The Internet is arguably more influencial on public opinion than television. Just like the television, Internet appeals to the senses to create a realistic feeling that can easily convince its users. In addition, Internet is much more portable than the television. Nowadays, the Internet could be accessed at anywhere, anytime. Cellular phones, ipods, laptop computers, just to name a few. The convenience and accessibility of the Internet means that it is able to reach a much wider audience than the television. More importantly, the Internet is not a static network fed by a few wealthy media companies; it is an interactive network where people can receive instant feedback about their thoughts. In addition to receiving the information in a format that appeals to the senses, Internet users can go online to share their reflection with regards to the issue and receive responses from other users. This interaction can greatly reinforce the information and have a greater influence on public opinion. 

While both the television and the Internet are very influencial to public opinions, the strengths of the influence is greately dependent on the technology literacy of the society. The television and the Internet, despite being two of the most popular forms of media, have very different users. Internet usage requires a lot of technical knowledge from the users, therefore it is very popular among the younger population of the society, which tend to be more technologically literate. Television, on the other hand, are relatively easy to operate and does not require significant technical knowledge. Therefore, whether the television or the Internet has a stronger influence on public opinion depend largely on the demography of the society. Societies with a big young population tend to be affected greater by the Internet while societies with older population tend to be affected by television to a greater extent.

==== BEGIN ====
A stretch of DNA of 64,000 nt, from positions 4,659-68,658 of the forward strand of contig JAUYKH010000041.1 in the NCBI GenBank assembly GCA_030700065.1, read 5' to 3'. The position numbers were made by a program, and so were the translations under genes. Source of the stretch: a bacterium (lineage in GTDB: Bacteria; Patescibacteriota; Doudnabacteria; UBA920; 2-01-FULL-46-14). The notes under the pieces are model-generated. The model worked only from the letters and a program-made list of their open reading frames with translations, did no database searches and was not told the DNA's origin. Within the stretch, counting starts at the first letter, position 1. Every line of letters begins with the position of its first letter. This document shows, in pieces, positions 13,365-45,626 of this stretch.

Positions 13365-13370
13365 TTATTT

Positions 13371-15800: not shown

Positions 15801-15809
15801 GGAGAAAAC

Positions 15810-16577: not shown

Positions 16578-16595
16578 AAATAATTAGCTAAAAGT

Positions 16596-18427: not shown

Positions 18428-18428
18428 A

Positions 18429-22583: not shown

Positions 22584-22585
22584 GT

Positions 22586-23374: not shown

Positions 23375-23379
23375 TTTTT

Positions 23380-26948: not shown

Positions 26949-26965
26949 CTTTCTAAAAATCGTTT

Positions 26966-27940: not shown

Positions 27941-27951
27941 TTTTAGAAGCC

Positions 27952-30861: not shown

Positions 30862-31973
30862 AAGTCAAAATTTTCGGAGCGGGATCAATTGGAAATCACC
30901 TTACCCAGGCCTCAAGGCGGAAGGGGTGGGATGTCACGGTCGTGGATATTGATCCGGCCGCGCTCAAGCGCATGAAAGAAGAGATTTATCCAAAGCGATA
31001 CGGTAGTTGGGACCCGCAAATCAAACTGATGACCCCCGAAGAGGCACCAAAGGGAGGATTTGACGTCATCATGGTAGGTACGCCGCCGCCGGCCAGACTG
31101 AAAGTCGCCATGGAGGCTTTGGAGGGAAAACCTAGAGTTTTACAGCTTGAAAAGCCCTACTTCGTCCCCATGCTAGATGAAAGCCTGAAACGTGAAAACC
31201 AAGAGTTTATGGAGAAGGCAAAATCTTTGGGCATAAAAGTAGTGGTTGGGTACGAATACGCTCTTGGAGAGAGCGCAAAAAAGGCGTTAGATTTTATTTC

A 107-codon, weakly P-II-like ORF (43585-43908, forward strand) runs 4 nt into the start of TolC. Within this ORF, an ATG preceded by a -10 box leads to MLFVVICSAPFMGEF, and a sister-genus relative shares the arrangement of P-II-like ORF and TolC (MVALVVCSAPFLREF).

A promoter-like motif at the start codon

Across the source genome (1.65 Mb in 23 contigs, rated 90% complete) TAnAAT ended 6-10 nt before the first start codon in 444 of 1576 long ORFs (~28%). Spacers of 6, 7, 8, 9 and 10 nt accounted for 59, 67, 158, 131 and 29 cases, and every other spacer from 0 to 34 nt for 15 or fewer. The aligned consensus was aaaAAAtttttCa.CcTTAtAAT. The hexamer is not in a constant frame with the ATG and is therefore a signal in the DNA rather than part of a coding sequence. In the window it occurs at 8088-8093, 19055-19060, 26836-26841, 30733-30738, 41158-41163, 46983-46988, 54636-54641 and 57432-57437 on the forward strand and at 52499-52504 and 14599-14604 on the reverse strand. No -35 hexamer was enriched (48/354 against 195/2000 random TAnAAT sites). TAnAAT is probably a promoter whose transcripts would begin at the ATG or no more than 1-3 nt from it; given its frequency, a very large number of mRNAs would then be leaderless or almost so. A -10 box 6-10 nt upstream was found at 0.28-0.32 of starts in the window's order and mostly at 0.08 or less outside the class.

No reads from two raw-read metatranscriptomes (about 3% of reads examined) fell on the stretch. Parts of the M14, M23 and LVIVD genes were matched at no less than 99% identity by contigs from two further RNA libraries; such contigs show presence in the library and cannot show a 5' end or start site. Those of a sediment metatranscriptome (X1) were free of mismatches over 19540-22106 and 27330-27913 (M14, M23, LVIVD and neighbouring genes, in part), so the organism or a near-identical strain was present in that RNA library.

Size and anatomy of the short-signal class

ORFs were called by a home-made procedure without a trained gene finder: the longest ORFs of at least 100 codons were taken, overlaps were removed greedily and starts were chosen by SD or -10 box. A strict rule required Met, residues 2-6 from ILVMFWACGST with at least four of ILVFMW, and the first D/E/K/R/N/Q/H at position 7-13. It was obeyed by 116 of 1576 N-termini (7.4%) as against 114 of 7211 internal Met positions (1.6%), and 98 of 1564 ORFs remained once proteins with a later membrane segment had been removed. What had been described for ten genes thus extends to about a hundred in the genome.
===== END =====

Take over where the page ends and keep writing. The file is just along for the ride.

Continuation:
(Word count: 558)

This is terrible... today must be my unlucky day. Hopefully it will get better with practice... lol

The following is the same writing prompt taken off the Internet, written by somebody else. Personally, I think his is much better.